ITRE Committee is looking after EFSI Investment Plan
The Industry, Research and Energy (ITRE) Committee in the European Parliament was given exclusive competences over 3 articles of the European Fund for Strategic Investments Regulation (EFSI), the Investment Plan aiming to revive investment in strategic projects around Europe to ensure that money reaches the real economy Article 5, which deals with the intention of the EFSI, Articles 18 & 19 which deal with the financing of the EFSI from Horizon 2020 and the Connecting Europe Facility (CEF).
In the preliminary meeting on the topic, the Committee members had voiced their concerns and displeasure with the manner of financing the EFSI. Their concern is that funding for basic research will not be funded by the EFSI and therefore the money that researchers normally receive from Horizon 2020 will no longer be available potentially crippling innovation in Europe.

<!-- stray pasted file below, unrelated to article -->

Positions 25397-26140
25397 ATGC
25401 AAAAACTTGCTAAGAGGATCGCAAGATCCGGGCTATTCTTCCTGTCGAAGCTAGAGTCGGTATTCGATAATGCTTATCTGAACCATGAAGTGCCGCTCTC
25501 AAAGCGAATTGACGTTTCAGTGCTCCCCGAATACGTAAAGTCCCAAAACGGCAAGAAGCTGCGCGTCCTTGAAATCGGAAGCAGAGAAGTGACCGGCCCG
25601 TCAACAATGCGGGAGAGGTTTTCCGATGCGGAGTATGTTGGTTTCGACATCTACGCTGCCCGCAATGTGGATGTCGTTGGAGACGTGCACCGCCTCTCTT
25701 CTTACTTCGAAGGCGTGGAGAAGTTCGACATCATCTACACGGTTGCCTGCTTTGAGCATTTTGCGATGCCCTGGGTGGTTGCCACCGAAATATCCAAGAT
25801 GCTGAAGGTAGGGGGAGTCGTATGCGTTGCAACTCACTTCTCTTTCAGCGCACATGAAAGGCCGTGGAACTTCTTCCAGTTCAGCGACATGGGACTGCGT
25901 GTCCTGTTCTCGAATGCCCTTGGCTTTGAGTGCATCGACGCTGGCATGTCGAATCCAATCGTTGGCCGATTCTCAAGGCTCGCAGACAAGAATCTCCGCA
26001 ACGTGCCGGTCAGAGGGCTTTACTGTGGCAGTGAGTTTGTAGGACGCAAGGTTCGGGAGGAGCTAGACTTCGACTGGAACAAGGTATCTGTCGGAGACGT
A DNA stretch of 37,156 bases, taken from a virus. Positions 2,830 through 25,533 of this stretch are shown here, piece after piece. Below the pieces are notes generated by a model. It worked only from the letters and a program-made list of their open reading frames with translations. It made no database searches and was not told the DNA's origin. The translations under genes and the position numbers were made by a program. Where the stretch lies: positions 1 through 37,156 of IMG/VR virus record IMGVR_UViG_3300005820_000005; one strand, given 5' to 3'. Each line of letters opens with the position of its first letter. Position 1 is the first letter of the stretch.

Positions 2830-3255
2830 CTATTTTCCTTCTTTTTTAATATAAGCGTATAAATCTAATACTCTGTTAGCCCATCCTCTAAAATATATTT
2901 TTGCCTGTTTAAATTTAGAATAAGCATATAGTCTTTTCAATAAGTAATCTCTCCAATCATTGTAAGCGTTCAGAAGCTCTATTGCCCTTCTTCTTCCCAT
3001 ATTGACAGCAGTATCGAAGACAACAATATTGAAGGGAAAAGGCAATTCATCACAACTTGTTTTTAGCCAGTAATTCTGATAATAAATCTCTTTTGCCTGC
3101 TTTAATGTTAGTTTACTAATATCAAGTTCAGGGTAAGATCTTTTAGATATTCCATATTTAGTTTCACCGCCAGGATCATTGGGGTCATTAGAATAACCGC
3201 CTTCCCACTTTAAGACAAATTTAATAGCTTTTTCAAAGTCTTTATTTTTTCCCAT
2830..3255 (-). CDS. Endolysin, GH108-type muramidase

On 9 March 2015, the ITRE Committee had an extraordinary meeting in Strasbourg to discuss this Regulation, where the Rapporteur, Kathleen Van Brempt (S&D, Belgium) presented her draft report of the Regulation. Mrs Van Brempt, along with all the ITRE Committee members, is opposed to the proposed financing strategy for the EFSI because of the cuts to Horizon 2020 and the Connecting Europe Facility (CEF). She noted that projects under Horizon 2020 serve similar goals to the EFSI but these projects will not be eligible for funding under EFSI and research will therefore be lost.
The rapporteur suggested avoiding cuts to Horizon 2020 and CEF and finance the EFSI by deciding on gradual budgetary commitments to the EFSI in the frame of the annual budgetary procedure. Furthermore, by deciding on the funding itself during the annual budgetary procedure, they would safeguard Horizon 2020 and CEF and instead would make use of all available mechanisms and flexibility to find the funds.
This Regulation is an extremely important job and growth package for the Commission and there will be strong discussions needed to protect Horizon 2020. The concern is that, if the cuts remain as they are, basic research will suffer across the healthcare sector.